Science

Teaching
Research

Teaching

Public Lectures

  • January 2018
    TU Braunschweig University Lecture
    Will Laufs was invited to lecture at TU Braunschweig University in Germany about our advances in 3D printed connections with structural load-carrying capacity.
  • July 2016
    Boston: GlassCon Global Conference
    Speaker
  • July 2014
    Boston: GlassCon Global Conference
    Speaker
  • October 2012
    Chicago: FACADE + INNOVATION
    http://facade.archpaper.com/chi2012/
  • April 2014
    New York City: Facades Plus Conference
    Moderator, materials panel
  • August 2013
    Pelli Clarke Pelli Architects
    Innovative molded facades
  • April 2013
    Harvard Graduate School of Design
    Structural typologies

Engineering Course

Will Laufs teaches a course titled “The Buckling of Structures” to Engineering Masters students at Columbia University, the Fu Foundation School of Engineering and Applied Sciences.

Course Outline

CIEN E4213 — Buckling of Structures

  1. Introduction of Buckling
  2. Euler Cases – part 1 (Beams)
  3. Euler Cases – part 2 (Frames)
  4. Euler Cases – part 3 (Wired Systems)
  5. Stability Theory for Structures

Engineering for Architects

Architectural Technology 3 — Advanced Structures

Each fall Will Laufs teaches a course titled “Advanced Structures” to Architecture Masters students at Columbia University, Graduate School of Architecture, Planning and Preservation. The course is outlined below.

Course Outline

A4113 — Architectural Technology III

  1. Introduction to Advanced Structures
  2. Loading, Force Flow
  3. Stresses, Deflections
  4. Bending – Beam, Slab, Cantilever
  5. Vertical Elements – Columns, Walls, Foundation
  6. Lateral Systems – Bracing, Frame, Diaphragm
  7. Folding
  8. Formfinding – Membranes, Fabric Structures
  9. Pneumatic Bubbles
  10. Cables, Tensegrity Systems
  11. Shell Structures, Arches, Domes

Research

SPINS | Structurally Printed Insulating Nodes System

Most building façades require metal parts to hold structural loads on the outside, so they transfer too much summer heat or winter loss, known as problematic “thermal bridging”. We aim to use innovative highly insulating structural 3D printed parts instead, with much-reduced CO2 footprint! High-strength integrated Carbon/Kevlar/Glass fibers give free-form pieces provide high-durability and long-term strength. The parts are directly designed via BIM modeling & Digital Fabrication approach.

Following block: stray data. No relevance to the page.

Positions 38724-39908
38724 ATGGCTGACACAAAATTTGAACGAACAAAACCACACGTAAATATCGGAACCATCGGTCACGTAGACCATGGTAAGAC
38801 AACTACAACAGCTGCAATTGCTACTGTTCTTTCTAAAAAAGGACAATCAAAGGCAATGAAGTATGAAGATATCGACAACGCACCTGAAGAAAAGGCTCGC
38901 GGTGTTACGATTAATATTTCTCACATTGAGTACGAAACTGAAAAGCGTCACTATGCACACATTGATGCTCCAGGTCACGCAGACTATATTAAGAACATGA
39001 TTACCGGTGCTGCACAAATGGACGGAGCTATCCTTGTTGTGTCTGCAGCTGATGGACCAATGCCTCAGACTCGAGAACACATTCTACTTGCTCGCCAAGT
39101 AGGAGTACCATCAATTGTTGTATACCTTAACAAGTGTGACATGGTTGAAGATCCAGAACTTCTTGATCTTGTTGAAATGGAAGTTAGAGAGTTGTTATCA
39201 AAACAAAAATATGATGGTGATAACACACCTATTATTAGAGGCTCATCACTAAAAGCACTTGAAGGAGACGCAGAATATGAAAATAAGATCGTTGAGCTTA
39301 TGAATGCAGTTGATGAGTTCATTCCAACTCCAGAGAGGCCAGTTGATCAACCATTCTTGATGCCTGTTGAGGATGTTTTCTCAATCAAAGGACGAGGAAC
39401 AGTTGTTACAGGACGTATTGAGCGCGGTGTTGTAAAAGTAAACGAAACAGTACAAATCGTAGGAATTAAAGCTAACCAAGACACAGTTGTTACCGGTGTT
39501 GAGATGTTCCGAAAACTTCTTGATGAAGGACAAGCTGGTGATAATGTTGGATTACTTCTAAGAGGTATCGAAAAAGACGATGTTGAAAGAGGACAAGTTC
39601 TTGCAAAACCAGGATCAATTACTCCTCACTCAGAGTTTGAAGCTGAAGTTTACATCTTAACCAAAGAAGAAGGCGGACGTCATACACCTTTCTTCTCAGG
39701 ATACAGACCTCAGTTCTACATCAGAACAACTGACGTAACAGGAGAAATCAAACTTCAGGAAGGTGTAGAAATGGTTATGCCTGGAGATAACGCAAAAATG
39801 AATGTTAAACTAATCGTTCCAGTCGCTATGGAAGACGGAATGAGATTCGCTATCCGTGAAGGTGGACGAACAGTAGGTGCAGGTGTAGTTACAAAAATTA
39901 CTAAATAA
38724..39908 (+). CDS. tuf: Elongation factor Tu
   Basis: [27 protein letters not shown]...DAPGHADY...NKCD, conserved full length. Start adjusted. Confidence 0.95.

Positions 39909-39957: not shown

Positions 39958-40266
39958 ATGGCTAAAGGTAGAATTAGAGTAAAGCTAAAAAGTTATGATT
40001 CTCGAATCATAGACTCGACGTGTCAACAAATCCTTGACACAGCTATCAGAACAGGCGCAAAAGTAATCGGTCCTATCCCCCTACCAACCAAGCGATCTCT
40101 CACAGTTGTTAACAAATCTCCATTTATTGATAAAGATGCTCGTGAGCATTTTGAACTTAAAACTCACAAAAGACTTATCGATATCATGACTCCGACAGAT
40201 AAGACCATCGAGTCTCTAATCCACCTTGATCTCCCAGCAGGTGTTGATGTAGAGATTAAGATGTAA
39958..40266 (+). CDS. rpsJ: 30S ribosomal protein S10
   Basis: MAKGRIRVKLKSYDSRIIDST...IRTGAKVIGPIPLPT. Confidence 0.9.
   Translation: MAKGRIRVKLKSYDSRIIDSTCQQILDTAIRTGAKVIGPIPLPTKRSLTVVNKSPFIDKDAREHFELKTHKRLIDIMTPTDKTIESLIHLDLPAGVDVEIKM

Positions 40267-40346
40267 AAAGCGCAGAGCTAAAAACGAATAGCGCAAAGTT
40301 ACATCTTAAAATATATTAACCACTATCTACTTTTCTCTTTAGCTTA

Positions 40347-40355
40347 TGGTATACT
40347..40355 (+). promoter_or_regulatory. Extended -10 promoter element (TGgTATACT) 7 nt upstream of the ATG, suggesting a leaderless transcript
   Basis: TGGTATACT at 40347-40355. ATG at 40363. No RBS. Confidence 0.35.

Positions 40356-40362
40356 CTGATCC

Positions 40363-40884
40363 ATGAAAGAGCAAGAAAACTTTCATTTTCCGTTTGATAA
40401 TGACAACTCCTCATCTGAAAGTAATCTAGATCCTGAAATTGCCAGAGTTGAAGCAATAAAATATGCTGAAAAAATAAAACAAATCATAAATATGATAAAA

We want to reduce energy loss due to building facades caused by thermal bridges, usually made of metals with high thermal conductivity (50 W/mK for steel and 250 W/mK for aluminum). Metal details with high-strength capacity are currently used to transfer forces from outside to inside, also metals can be machined to fit complex façade geometries, but this construction method must be improved.

Conventional plastics have much lower, beneficial thermal conductivity  (<1 W/mK), however such materials were not strong & durable enough over time to carry building elements such as balconies, shading, rain-screen and other load (wind & snow) in the past.

Recently, 3D structural printing has become market-ready, where the printer is BIM-fed any 3D geometry file that now also is reinforced with strong durable fibers (carbon/glass/kevlar fibers). We own such printers in Berlin and New York and have started to perform promising systematic load tests at HTW Berlin already. We want to 3D-print thermal bridging façade parts!

 

 

Biomimicry – Adaptive Dome Grid-Shell Structure

Phyllotaxis – the formally growth pattern of leaves – will follow a spiralling pattern in certain specimen. Our research is focused on studying and producing dome structures that follow the logic of these geometric governing rules. Efficiency governs a plant’s form: leaves are laid out to maximize photosynthesis: they steadily grow in a Fermat’s spiral with Fibonacci numbering. Guided by these principles, we are primarily focused on producing dome structures in urban environments that use these growth patterns to mediate and adapt between buildings to create new environments. We address issues of construction logistics for packaging and fabrication, performing material research in metal, wood, or polycarbonate ribs to support line weight EFTE cushions to make a membrane that brings light into these spaces.

 

 

 

Publications